Most concerning has been that in the past 2-3 months, there have been times when BunBun has had a hard time standing up. I’d occasionally find him laying in his litterbox with all the litter kicked to the sides as if he had been struggling. Or he’d be laying with his front feet on the coroplast and his back feet on his rug, and seemed unable to get enough traction to stand up without help. I’d pick him up and set him upright, and he’d shake himself and hop off, but it’s been evident that he was starting to lose control of his hindquarters.

On July 2, the evening we got home after losing Tilly, BunBun didn’t get up when I shook the bottle of papaya treats. I picked him up, and he flopped right back down into a laying position. I checked his underside, and it was crusted with cecals – he hadn’t moved for several hours. I knew it was time, but I wasn’t quite ready to lose him on the heels of Tilly. I gave him fluids and critical care, cuddled with him for the rest of the evening, and then set him in his litterbox with water and pellets at hand so his friends Roo and Gracie could say goodbye too.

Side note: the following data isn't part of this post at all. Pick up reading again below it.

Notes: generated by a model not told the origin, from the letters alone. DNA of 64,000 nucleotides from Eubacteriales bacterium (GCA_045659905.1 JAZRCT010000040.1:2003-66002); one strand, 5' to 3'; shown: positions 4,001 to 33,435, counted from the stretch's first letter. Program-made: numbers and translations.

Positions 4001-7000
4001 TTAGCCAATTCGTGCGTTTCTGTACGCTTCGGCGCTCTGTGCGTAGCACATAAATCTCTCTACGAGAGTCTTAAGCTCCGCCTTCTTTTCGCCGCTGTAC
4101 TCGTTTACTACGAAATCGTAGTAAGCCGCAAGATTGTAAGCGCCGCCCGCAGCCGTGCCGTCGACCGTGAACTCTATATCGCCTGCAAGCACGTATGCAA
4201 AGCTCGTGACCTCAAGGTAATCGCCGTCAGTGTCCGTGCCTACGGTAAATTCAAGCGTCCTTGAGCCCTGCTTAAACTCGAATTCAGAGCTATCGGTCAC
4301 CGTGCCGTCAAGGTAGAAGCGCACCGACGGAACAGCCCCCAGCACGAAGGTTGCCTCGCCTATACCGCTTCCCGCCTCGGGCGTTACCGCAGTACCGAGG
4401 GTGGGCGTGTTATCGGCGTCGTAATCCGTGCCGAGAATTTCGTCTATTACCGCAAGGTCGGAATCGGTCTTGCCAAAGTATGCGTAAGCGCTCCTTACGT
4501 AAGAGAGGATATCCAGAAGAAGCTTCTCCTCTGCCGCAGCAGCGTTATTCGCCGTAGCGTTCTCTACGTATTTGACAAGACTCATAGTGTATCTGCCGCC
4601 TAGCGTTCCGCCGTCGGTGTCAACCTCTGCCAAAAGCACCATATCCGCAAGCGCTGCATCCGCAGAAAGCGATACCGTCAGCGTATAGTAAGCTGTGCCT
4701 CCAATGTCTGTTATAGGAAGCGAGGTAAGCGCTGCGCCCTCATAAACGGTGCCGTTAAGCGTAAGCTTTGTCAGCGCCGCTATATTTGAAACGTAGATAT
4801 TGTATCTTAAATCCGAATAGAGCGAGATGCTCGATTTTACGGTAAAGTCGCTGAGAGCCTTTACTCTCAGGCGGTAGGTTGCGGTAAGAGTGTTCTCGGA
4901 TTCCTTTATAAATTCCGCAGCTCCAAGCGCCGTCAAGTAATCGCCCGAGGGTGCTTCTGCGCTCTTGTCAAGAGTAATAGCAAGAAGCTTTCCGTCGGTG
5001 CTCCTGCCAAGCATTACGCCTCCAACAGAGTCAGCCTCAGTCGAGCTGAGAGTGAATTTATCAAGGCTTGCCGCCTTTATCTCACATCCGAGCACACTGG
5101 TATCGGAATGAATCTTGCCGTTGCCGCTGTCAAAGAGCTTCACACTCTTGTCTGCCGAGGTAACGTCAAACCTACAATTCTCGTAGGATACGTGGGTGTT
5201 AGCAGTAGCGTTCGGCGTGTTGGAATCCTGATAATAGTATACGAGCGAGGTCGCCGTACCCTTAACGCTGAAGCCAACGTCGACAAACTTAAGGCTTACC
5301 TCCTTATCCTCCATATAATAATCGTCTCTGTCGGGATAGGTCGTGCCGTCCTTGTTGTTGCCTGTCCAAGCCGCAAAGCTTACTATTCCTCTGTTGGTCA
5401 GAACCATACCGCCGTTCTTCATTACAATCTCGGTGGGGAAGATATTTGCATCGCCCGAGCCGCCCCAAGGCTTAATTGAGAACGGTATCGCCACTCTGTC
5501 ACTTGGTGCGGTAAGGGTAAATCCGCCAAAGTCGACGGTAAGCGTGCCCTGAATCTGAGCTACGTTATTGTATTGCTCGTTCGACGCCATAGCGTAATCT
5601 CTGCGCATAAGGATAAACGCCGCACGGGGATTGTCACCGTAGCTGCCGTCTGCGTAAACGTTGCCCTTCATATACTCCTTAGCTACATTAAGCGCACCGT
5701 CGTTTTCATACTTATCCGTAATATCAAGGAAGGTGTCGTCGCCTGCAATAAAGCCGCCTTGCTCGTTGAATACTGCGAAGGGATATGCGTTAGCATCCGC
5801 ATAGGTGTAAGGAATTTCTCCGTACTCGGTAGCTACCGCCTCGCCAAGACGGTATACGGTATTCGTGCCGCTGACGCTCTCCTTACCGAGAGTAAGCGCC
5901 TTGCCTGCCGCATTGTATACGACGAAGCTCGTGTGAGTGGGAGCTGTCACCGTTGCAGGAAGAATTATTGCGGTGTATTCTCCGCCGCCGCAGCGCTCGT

The next morning, I drove him to the vet with both of his friends accompanying him. The vet didn’t even need to examine him to agree that his body was dying, and all we could do was ease his passing. She euthanized him and we returned the body to the carrier with his friends – rabbits who see the dead body of a friend are better able to understand their loss, and seem to suffer their grief less. After we got home, I left the body in the cage with them until they seemed to start avoiding it. I was certainly grateful for our new arrival Gracie at that moment; she snuggled with Roo and seemed to share his concern, even though she hadn’t known BunBun more than a few weeks.

Bad things happen in clusters, it seems. This morning, July 10, we lost Cookie. He was one of the Jacksonville 48, a group of young males dumped in summer 2005 by an irresponsible backyard breeder.